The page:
Japan-based restaurants rose in the ranks of the World’s 50 Best Restaurants list, which was announced Monday evening in London.
Restaurant Narisawa, overseen by chef Yoshihiro Narisawa in Tokyo’s Minami-Aoyama district, placed eighth on the World’s 50 Best Restaurants list, up from last year’s 14th place, while Nihonryori RyuGin, a restaurant located in Roppongi and helmed by Seiji Yamamoto, was ranked 29th, up from 33rd.
Noma, the Copenhagen restaurant that has been voted best in the world four of the past five years and which operated a pop-up outlet in Tokyo for a month earlier this year, was knocked from first to third place by Spanish restaurant El Celler de Can Roca.
It was a return to the top for the Girona-based restaurant, which took the crown from Noma in 2013. The Best 50 organizers hailed it as “a restaurant that has never forgotten its humble roots, its sense of familial warmth, or the need to serve remarkably delicious dishes and outstanding wines.”
The prestigious list, founded in 2002 by the British trade publication Restaurant and sponsored by Italian mineral water brands S.Pellegrino and Acqua Panna, is decided by nearly 1,000 chefs, critics and industry experts from around the world.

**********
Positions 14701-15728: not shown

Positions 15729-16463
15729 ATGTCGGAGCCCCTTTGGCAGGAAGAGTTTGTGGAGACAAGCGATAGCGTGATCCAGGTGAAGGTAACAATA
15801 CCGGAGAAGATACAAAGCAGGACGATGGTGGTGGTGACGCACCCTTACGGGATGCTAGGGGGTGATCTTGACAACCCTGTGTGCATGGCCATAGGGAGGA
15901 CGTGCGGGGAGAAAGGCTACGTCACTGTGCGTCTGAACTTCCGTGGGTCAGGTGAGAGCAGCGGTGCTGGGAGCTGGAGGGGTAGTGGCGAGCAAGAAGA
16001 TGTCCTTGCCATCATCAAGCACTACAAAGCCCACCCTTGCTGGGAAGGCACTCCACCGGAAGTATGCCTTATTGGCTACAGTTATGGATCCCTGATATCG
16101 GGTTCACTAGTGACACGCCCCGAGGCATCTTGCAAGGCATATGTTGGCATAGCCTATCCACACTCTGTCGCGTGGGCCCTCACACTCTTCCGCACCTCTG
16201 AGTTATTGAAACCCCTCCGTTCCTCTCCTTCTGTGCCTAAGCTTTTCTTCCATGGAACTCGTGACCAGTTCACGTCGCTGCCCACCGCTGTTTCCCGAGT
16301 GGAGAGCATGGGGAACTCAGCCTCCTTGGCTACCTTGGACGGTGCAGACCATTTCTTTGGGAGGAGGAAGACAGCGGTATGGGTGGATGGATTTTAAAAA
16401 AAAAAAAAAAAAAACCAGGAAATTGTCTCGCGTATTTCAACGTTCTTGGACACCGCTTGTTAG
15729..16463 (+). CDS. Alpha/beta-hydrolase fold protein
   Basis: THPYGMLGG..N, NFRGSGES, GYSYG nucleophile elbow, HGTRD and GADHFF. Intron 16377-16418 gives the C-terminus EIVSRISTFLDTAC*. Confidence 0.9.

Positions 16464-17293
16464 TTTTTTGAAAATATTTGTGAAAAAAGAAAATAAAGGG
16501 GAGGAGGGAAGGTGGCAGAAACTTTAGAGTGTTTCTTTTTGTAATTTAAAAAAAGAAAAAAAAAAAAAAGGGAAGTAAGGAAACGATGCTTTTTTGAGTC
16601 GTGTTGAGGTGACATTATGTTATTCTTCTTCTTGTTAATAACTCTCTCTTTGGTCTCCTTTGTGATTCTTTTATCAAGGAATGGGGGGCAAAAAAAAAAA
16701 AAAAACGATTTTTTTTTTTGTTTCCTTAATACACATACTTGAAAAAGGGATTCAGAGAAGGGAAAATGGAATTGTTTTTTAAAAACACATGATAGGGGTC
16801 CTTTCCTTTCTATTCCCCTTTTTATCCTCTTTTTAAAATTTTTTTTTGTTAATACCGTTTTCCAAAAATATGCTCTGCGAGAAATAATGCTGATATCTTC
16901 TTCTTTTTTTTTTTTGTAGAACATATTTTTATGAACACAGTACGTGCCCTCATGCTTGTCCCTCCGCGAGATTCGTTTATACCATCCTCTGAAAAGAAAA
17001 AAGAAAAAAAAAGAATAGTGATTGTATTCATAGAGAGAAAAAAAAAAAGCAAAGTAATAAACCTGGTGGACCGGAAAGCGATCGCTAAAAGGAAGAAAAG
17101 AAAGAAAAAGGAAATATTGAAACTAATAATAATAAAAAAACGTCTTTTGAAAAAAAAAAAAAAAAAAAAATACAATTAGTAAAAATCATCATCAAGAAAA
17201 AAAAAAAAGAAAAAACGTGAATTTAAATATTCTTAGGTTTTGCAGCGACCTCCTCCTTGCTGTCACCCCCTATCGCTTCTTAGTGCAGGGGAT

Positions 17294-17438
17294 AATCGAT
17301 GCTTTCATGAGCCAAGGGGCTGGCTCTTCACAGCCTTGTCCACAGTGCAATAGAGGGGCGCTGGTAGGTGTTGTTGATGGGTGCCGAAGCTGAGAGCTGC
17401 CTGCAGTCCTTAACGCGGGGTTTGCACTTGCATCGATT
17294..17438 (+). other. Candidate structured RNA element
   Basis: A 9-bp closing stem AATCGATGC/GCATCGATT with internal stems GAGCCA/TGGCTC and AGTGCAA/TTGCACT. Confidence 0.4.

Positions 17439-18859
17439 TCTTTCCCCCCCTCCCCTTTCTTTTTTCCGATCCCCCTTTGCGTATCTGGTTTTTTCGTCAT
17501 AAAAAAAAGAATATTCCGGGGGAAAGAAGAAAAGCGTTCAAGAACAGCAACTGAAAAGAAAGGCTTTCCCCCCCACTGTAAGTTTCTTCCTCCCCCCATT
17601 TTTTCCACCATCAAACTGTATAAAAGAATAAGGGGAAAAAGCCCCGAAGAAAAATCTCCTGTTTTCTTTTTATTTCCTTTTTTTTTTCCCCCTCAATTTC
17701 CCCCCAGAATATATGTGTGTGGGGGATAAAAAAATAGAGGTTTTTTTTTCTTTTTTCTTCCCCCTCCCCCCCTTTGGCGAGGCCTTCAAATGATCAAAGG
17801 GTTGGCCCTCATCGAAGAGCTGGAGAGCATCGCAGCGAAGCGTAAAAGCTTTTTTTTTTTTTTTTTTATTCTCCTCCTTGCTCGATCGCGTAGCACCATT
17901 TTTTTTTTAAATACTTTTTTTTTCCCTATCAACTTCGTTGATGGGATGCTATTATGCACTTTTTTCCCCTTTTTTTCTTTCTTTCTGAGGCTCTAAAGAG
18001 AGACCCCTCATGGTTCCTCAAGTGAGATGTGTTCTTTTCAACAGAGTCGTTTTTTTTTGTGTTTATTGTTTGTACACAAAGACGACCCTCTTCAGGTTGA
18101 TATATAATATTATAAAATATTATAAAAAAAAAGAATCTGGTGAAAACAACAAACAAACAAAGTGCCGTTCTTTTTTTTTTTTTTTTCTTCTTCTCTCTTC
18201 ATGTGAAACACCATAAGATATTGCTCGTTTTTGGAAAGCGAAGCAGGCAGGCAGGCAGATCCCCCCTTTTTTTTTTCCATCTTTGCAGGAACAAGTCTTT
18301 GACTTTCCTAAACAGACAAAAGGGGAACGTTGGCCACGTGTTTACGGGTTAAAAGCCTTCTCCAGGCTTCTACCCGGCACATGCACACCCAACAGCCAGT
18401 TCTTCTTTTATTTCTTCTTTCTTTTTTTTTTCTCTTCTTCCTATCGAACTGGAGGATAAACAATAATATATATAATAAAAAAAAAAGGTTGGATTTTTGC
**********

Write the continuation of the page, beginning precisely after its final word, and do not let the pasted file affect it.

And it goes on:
Narisawa, which was also named the best restaurant in Asia at Monday’s event, has consistently placed in the Best 50 since 2009. Nihonryori RyuGin has also ranked in the top 50 for five years.
Second place went to Osteria Francescana of Modena, Italy, run by chef Massimo Bottura, another talented chef who recently wowed Tokyo with his culinary creativity.
The other top 10 restaurants hail from Peru, the U.S., the U.K., Brazil and Thailand.
Overall, European restaurants dominated the top 50, taking 18 of the remaining 25 places, from well-established powerhouses in Spain and France to Russian restaurant White Rabbit, which was the highest-ranking newcomer.
The awards have become a coveted honor for high-end restaurants around the world and rival the popular Michelin and Zagat dining guides.
The event, traditionally held in London, was not without controversy. A French group calling itself Occupy 50 organized a public petition protesting the group’s male-centric agenda and hidden voting process.
The event will move to New York in 2016 as part of the organizers’ strategy to globalize it.